> time. It's a bit like dynamic messaging: difficult to do without once
> you've become used to it.
> When functionality is packaged as frameworks it ceases to be private to
> your particular application but instead becomes available for others as
> well. For example, OmniWeb makes virtually all of the functionality of
> a web-browser available as separate frameworks. Mail.app references a
> Message.framework for mail-delivery that is also available to other
> applications, ScreenSaver functionality is available as a framework,
> Apart from the utilitarian effect, this sort of packaging also has a
> positive (and difficult to describe) effect on the code you write,
> well, at least on the code I write. Together with Objective-C
> categories (which allow you to add methods to pre-existing classes),
> you can really split your code into small, self contained units that do
> one thing, and only one thing, well. Applications then usually become
> a matter of a little glue to tie several frameworks together, possiby
> with some UI, but maybe also without. That is why CocoaSqueak.app is
> only 60K, it really just ties together Squeak.framework (base
> interpreter and faceless I/O), SqueakAppKit.framework (GUI,
> interaction, media) and Cocoa's application-support.
> This opens up a whole range of possibilities. For example, you can
> very easily build your own Squeak-based Cocoa-applications, using a
> custom icon, custom code etc. but sharing all the common Squeak VM
> stuff via the framework. The framework could also be a centralized
> repository for other shared Squeak resources, such as the sources file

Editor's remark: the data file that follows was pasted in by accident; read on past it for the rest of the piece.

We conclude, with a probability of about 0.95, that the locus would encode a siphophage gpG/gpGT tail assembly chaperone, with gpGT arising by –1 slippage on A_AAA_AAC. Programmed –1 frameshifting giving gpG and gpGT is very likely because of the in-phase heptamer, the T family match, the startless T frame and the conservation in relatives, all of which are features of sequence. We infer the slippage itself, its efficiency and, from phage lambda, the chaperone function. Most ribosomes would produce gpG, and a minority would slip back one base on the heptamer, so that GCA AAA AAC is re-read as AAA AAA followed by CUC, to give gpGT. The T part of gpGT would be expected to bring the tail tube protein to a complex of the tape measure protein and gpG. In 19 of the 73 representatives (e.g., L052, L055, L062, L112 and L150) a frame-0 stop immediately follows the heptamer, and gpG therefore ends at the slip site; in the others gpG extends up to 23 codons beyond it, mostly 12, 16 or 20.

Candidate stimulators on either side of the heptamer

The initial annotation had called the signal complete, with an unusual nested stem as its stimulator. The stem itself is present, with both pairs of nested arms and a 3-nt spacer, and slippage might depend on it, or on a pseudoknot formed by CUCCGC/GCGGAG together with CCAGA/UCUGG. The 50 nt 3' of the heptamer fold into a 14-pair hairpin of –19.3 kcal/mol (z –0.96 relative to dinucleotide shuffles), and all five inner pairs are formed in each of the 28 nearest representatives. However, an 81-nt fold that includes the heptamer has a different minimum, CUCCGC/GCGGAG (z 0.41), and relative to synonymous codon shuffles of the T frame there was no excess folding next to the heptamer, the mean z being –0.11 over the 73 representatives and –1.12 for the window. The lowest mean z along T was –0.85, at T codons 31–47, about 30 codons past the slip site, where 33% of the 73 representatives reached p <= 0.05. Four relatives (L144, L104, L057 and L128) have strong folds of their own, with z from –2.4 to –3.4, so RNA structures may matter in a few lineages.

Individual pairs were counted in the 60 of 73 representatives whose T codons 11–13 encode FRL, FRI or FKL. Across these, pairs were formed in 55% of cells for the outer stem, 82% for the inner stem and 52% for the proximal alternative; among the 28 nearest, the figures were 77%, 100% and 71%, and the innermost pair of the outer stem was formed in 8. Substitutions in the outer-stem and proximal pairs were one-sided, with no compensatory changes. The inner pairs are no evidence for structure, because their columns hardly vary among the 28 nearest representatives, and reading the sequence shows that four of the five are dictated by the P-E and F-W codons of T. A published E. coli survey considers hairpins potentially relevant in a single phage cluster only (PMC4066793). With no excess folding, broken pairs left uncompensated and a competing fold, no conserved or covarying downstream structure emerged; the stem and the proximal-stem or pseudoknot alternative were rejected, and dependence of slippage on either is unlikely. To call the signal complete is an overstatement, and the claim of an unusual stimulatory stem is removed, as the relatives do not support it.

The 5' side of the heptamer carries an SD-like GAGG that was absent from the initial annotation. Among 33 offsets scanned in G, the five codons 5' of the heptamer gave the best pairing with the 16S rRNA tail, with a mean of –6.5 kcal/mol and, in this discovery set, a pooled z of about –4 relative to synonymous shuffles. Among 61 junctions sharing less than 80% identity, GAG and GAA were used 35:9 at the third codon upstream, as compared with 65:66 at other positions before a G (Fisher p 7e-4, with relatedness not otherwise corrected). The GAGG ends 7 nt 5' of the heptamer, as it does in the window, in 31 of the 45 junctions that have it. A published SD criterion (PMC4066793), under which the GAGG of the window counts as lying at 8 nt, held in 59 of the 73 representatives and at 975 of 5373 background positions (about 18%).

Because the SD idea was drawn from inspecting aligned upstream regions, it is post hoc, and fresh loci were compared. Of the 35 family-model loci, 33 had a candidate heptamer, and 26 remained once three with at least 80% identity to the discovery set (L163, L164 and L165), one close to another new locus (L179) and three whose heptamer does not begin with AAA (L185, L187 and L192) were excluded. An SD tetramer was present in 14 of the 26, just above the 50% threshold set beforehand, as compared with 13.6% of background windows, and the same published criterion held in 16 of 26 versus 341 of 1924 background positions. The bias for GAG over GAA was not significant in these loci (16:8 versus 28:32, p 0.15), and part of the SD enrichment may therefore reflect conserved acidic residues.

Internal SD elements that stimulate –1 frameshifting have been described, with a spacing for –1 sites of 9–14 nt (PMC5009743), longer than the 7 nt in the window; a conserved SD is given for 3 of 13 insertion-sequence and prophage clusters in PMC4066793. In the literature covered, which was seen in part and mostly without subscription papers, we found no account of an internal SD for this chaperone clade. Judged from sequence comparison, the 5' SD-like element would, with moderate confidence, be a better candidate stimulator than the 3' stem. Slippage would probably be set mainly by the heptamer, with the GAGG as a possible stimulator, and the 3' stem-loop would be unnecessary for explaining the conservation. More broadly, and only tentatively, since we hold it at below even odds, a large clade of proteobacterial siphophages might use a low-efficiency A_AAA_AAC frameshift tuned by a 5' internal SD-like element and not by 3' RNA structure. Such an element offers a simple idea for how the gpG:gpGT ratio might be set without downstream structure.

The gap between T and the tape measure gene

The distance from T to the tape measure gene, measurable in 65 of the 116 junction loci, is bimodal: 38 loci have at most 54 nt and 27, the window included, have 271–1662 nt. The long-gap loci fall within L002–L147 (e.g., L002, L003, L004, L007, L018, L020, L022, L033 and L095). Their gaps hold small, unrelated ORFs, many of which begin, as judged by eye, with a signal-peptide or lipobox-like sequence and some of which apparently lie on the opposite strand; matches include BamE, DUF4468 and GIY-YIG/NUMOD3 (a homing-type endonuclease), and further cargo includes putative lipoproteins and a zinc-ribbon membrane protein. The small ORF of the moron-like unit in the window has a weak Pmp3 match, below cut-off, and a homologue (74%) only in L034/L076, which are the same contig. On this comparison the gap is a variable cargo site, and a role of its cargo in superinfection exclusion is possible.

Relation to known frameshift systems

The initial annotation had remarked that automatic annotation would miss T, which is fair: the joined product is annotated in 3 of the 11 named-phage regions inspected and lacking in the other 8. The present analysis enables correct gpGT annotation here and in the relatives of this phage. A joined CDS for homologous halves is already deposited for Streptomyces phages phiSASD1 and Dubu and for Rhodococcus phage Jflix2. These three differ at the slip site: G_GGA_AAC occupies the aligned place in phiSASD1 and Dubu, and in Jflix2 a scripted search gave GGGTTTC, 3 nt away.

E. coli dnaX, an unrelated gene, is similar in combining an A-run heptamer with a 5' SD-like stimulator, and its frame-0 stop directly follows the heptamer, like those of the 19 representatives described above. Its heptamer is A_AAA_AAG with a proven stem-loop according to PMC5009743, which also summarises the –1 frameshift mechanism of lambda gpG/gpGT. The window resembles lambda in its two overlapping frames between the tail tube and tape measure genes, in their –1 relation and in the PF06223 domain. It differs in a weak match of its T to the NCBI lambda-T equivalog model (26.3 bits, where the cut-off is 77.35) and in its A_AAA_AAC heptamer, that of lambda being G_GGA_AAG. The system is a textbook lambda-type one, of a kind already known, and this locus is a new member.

> or even one or several 'standard' image files. Squeak-Cocoa apps could
> then consist of the small binary (as you noted about 60K), some custom
> native classes or plugins and maybe a project file.
> A Squeak Shell ( sqsh? ) could benefit from the same mechanism, with a
> small executable linking in the framework and thus being able to
> execute with a standard image. Of course, the usability of this
> depends on being able to load the 'standard' image file quickly.
> CocoaSqueak already maps the image-file into memory, so once its there
> loading time is negligible with Mach's very lazy virtual memory
> subsystem, and Andreas hinted that we might soon be able to do without
> going through the image each time on load if we manage to get the same
> VM address.
> However, as you note, the problem with this approach is that it makes
> installation more difficult, requiring detailed instructions or an
> installer program. (I figured that the average Squeak user at this
> point is savvy enough to deal with it...). Anyway, MacOS-X also
> provides a mechanism for placing an application's frameworks inside the
> application wrapper (applications and frameworks are both kinds of
> 'Bundles', a specific directory structure for packing executable code
> and resources). Of course, this hides the frameworks again, making
> them, once again, unavailable for others. Also, this packaging method
> requires some voodoo that isn't entirely well supported by Apple's
> development tools at this point, which is why I haven't gotten around
> to it yet.
> However, creating a combined (and possibly binary-only) CocoaSqueak
> package is something that is on the list of things to do, but hasn't
> gotten done (along with lots of other things) because I've had a few
> other things on the table recently. What would then be great is a
> mechanism for making those frameworks sharable as well.
> I hope this answers you question.